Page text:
Saint Stories for First Reconciliation

Saint Damien of Molokai (Joseph de Veuster)

Father Damien was a missionary priest sent to Hawaii in the 1800s.  Hawaii was not yet an American state.  At the time, an epidemic of leprosy spread through the islands.  The Hawaiian king ruled that all lepers must leave their homes and live on the island of Molokai.  Father Damien was chosen to serve the island people.  The health officials refused to let people go back and forth from Molokai to the other islands because they feared the spread of the disease, so Father Damien chose to stay on Molokai and minister to the sick people.  Unfortunately, that meant he had no other priest from whom he could receive the sacrament of Reconciliation.  Once, a ship arriving with supplies for the island also had on board a priest friend of Father Damien’s.  The captain of the ship would not let the friend get off the boat, so Father Damien had to row out to it.  Once he got there, however, the captain would not let him come aboard!  After hesitating a moment, Father Damien rowed as close as possible and shouted his confession to the other priest.

Saint Dominic Savio

Dominic Savio was different from many teenagers.  When he was only 12 years old, he knew he wanted to be a priest more than anything else in the world.   

Dominic had a great love for the sacraments.  He entered a school for boys who wanted to make their lives better.  He had the courage to lead many of the other boys in the school away from sin and towards Jesus Christ.  Once, Dominic saw two boys fighting at school.  Dominic held up a crucifix between them.  The boys realized they should not be fighting, made up with each other, and went to confession.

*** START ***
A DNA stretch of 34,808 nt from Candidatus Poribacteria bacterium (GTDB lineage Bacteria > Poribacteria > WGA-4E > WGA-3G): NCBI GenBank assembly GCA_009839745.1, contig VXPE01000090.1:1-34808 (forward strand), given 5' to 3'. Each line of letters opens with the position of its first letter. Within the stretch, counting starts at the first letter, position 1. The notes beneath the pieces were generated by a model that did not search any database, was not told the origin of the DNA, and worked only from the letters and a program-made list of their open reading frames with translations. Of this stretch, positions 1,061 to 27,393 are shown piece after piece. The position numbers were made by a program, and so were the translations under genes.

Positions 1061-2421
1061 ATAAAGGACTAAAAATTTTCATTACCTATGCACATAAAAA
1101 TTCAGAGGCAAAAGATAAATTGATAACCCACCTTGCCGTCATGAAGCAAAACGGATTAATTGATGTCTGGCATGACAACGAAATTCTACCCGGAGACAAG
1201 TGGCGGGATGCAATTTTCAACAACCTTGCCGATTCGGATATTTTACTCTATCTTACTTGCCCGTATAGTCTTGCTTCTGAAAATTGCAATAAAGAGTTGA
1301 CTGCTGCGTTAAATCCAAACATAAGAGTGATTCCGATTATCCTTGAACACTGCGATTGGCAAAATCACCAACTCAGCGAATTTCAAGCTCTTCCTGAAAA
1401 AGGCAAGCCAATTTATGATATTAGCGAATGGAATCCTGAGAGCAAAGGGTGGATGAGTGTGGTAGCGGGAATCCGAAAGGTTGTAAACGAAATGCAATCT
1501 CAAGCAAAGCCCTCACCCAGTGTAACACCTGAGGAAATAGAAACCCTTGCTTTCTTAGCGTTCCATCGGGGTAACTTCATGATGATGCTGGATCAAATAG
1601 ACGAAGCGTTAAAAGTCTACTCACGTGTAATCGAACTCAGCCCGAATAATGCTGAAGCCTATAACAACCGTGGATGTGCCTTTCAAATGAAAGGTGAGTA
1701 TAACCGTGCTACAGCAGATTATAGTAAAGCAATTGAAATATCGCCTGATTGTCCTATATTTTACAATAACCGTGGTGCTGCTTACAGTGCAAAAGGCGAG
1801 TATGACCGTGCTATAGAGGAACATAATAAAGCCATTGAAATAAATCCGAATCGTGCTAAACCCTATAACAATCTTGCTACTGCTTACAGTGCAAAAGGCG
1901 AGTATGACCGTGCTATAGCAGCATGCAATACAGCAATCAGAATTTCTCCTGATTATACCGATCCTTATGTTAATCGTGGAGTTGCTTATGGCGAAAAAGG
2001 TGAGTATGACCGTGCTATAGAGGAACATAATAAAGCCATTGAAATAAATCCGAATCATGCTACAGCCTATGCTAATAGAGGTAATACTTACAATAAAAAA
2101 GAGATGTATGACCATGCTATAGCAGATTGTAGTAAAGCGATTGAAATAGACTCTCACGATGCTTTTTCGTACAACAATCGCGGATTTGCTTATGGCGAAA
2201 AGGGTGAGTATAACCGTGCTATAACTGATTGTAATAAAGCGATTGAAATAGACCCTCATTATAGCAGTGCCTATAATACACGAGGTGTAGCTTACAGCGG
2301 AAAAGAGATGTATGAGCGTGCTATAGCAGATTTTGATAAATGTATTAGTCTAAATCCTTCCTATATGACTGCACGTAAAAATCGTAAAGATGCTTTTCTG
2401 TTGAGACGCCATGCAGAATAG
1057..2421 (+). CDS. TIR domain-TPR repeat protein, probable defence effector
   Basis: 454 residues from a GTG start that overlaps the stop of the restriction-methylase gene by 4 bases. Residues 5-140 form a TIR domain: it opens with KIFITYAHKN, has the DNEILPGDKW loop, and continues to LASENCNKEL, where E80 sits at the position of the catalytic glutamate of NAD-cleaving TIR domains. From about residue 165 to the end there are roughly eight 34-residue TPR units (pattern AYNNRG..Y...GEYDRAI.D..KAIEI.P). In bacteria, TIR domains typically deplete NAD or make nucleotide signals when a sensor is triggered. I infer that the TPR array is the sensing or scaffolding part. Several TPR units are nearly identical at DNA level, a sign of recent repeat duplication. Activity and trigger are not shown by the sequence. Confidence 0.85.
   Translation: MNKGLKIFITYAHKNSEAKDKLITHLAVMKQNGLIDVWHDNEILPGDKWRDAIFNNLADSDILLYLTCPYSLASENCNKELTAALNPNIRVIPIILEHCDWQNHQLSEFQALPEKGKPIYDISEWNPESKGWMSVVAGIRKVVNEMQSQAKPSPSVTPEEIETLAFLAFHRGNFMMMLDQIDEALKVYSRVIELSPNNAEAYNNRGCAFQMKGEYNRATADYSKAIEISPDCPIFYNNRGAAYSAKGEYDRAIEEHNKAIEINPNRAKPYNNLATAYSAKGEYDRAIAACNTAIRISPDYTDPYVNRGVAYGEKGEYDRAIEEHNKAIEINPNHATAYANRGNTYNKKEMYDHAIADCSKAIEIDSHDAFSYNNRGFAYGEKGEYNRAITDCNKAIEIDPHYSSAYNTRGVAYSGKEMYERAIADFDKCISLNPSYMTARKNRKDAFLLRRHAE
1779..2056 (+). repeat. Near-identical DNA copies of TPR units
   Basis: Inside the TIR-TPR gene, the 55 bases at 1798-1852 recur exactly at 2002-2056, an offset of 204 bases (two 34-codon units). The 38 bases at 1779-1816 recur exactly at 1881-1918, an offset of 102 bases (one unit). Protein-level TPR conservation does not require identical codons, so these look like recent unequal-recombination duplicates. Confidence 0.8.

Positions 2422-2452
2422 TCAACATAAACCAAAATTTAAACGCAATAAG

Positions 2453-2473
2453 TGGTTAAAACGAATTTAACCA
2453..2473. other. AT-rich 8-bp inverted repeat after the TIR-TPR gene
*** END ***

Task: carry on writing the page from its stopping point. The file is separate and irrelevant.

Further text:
Every week, Dominic went to confession with Father John Bosco, who also became a saint.

Saint Maria Goretti

Maria Goretti was born in 1890 in a small village in Italy.  She loved Jesus with all her heart and would walk many miles to church to learn more about God.  Maria went to confession as often as she could because she wanted to live a life without sin.   

There was an older boy named Alexander who lived on her family’s farm.  Alexander often tried to convince Maria to sin.  One day, Alexander became so angry that Maria would not sin that he hurt her very badly.  Maria was very worried about Alexander because of his sin.  Maria died the next day, and Alexander went to prison for hurting her.

Eight years later, Maria appeared to Alexander while he was in prison and offered him flowers.  He was so touched by Maria’s visit that he asked to see a priest, and he made a good confession.  He spent the rest of his life doing penance for his sins.  Maria is the patron saint of Catholic youth.          

Saint Ignatius of Loyola

Ignatius was given the name Inigo at birth.  He was the youngest child in a family of eight sons and three daughters.  He lived a very wealthy life in Spain.  He grew up to be a very skilled soldier, but he was a very prideful man.  During a battle, Inigo’s leg was very badly wounded.  He had to lay in bed for many months to recover.  During this time, he read a book about the lives of saints.  He was so touched by the people who loved and served God that he decided to turn away from his pride and desire for wealth and to follow Christ. 

He went to confession and promised to lead a life of penance and devotion to God.  His name was changed to Ignatius, and he began to study and teach others about God.  He was later ordained a priest and, with six other men, formed a religious order called the Society of Jesus. 

Saint Augustine

Saint Augustine was one of the most intelligent men who ever lived.  Even though he was raised in a Christian home by his mother, Saint Monica, he spent much of his life doing wicked deeds.  Augustine was searching for the truth, but made all sorts of wrong choices. His mother prayed daily for her son to turn his heart to Jesus and His Church.